Monday, November 24, 2008
How To Become A Hood Ornament
I was taking Wolf in his buggy to the day-care centre last week. As usual, this means we have to cross the Big Road that runs to our sleepy Antwerp suburb. The Big Road is a triumph of 1960’s optimism and belief in technological development. It is an ode to concrete, when planners still believed that people could lead very happy lives living in concrete towers surrounded by concrete plazas and linked together by huge concrete boulevards.
The Big Road is one of the two highways that link Antwerp to Brussels. And in this case, you can take the term ‘highway’ literally. It has 10 (!) lanes, four of them on level ground and six of them five meters up on a causeway that stretches from the city border to well into the next town.
To cross it, you generally have to wait for the first traffic light to turn green, then walk underneath the bridge and then wait for the next traffic light to turn green. If you walk at normal speed, there’s no way you can cross both double lanes next to the bridge in one go. However, if you run (at leisurely pace), you can make it in one go. Another advantage is that making a mad dash for it has great entertainment value for the toddler. And it gives me a false sense of doing at least some sports.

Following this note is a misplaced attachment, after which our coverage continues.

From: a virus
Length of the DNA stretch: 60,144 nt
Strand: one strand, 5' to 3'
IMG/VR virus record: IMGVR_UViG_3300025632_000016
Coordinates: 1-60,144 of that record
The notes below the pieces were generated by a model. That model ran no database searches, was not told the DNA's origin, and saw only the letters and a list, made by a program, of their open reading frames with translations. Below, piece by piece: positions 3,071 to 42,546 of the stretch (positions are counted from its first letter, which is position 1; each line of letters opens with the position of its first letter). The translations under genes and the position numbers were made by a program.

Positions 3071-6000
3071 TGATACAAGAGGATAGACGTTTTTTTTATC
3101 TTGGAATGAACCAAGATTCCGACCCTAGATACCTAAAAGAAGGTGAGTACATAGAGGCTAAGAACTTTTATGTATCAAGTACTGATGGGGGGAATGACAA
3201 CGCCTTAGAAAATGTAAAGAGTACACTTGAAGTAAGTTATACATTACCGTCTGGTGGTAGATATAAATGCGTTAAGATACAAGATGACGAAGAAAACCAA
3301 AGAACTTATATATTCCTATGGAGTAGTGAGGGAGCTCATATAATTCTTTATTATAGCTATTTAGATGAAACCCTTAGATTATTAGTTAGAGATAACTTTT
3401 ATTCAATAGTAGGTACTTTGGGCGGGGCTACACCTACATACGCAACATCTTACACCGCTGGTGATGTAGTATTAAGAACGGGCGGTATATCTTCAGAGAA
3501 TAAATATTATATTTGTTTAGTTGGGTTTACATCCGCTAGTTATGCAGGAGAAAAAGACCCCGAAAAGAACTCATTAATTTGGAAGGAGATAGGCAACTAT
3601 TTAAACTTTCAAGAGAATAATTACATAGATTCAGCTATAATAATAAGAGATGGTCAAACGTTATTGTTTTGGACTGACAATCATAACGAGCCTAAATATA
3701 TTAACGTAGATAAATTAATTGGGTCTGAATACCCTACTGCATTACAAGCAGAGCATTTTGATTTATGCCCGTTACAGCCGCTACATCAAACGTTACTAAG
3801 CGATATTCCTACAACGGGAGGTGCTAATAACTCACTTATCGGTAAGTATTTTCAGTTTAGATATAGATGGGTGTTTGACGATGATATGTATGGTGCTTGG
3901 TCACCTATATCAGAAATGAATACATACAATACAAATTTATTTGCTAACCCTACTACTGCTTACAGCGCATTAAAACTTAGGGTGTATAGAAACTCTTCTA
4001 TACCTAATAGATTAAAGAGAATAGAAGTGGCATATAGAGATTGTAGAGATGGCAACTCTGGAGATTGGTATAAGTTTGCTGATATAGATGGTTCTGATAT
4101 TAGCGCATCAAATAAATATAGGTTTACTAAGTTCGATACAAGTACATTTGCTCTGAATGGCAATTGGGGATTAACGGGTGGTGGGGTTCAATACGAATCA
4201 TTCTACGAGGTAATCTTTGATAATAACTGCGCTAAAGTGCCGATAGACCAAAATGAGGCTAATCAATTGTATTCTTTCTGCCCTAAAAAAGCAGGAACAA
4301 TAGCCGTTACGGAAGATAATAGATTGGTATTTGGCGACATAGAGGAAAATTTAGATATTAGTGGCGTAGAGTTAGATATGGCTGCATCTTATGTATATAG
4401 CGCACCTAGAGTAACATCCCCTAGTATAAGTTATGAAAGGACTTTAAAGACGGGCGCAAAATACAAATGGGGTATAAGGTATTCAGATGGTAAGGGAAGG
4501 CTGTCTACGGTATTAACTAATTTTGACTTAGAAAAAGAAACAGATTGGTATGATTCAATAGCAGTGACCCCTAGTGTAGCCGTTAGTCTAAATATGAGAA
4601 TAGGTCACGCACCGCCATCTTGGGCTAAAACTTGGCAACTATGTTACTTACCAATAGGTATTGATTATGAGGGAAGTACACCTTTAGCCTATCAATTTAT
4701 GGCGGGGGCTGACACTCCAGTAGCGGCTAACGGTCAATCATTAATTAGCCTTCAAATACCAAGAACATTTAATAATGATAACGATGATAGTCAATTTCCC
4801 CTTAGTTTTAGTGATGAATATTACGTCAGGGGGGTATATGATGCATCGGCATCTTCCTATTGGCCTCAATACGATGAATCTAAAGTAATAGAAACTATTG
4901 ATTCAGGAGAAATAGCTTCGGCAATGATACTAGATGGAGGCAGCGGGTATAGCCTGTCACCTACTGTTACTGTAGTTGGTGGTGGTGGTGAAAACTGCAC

So last Thursday, I made a run for it. I was just crossing the last two lanes, when I something big hurling at us at uncomfortably high speeds. I quickly jumped back on the pavement under the bridge, not forgetting to drag Wolf in his buggy with me. A big lorry came to a screeching stand-still, after his driver was alerted by my presence to the fact that – oh look – the traffic lights were as red as the windows of a whore-house run by the Red Army.
The truck stood still in the middle of that decorative zebra pattern that many drivers just ignore. But this driver was suddenly very aware of where he had finally managed to stop his vehicle. And to the fact that he almost run over an 18-month-old and his father.
His face turned red.
Mine was still white.
I crossed while the little green man was still green.